The first clear sign that Mr Clegg is starting to panic, as well he might, came with last week's reference to the Iraq war as "illegal". Too canny an operator to blurt out such a thing under the stress of a PMQs debut, he was making a premeditated stab at re-establishing the Lib Dem brand by reminding us that on this they differ fundamentally from their Tory overlords. This was futile, because public fatigue with Iraq has neutralised it as a political issue (sensational revelations stream from Chilcot almost daily, and no one pays much notice), but you appreciate the desperation. There is no domestic issue, after all, on which he could create a distinct Lib Dem identity without taking a wrecking ball to the flimsy foundations of political expediency on which the coalition was hurriedly built.



Viewed as closet Tories by Labour voters and as the Judas party by 40 per cent of those who voted for them in May, the Liberal Democrats future now rests solely on continually selling themselves to the highest bidder. This is why the Labour leadership is so crucial to Mr Clegg. Soon he will need to start playing Mr Cameron off against whoever is in charge of the opposition, and he will be praying that it's David Miliband.



If it's Ed Miliband, it will, aptly given Mr Clegg's genetic heritage, be a Dutch auction. He would ask for the earth, but in a buyers' market be forced to keep lowering his price. Having won the leadership from the statist Labour left, Mili the Younger would have no option but to strike a hard bargain with the defenders of spending cuts that may, should the recent economic growth be sustained, have come to look a touch draconian.



The studiedly centrist David, a stalwart of the Blairite bunker when a permanent "progressive realignment" with the Lib Dems ("the project") was all the rage, makes a far more natural and amenable partner. With him as Labour leader, Mr Clegg would be a happy self-auctioneer, confident of repeating May's trick by using Mili the Elder to force Mr Cameron to pay a steeper price than he would wish.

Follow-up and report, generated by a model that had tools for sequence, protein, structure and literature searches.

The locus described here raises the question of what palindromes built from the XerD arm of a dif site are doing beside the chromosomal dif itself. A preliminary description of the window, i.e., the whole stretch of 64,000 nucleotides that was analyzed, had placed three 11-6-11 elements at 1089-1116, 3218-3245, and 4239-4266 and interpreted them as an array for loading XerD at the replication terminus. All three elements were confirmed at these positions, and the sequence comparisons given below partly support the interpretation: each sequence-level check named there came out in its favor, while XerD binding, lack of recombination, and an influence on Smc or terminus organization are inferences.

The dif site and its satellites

The sadness is that there is no survivalist route other than via this death-defying tightrope walk across the chasm into which parties without a raison d'etre tend to vanish as individual entities, and it isn't anyone's fault. As stated often before, the uniquely horrendous electoral mathematics left Mr Clegg no choice but to deal with Mr Cameron, and he played a moderate hand brilliantly to land a monster pot. Just how monstrous he may not have foreseen at the time, but now he must bluff with a weaker hand for the higher stakes of avoiding extinction.



How the cards will fall no one knows, though it may be possible to make a vague guess in September when Labour picks its leader. All that is certain is that the Liberal Democrats are under no moral or political obligation to stick with the Tories if that equates to suicide; that they will use the threat of rupturing the coalition by switching to Labour as a legitimate blackmail tool; and that what hopes they have of emerging from the next election with more than a pitiful rump of MPs rely less on the electoral system in place than on how skillfully Mr Clegg can prostitute himself.



It will be back-breaking work and he has a mountain to climb, but the only conceivable role in which Butch can evade the squadron of snipers surrounding him is as madame and star performer of the Best Little Whore House In Texas.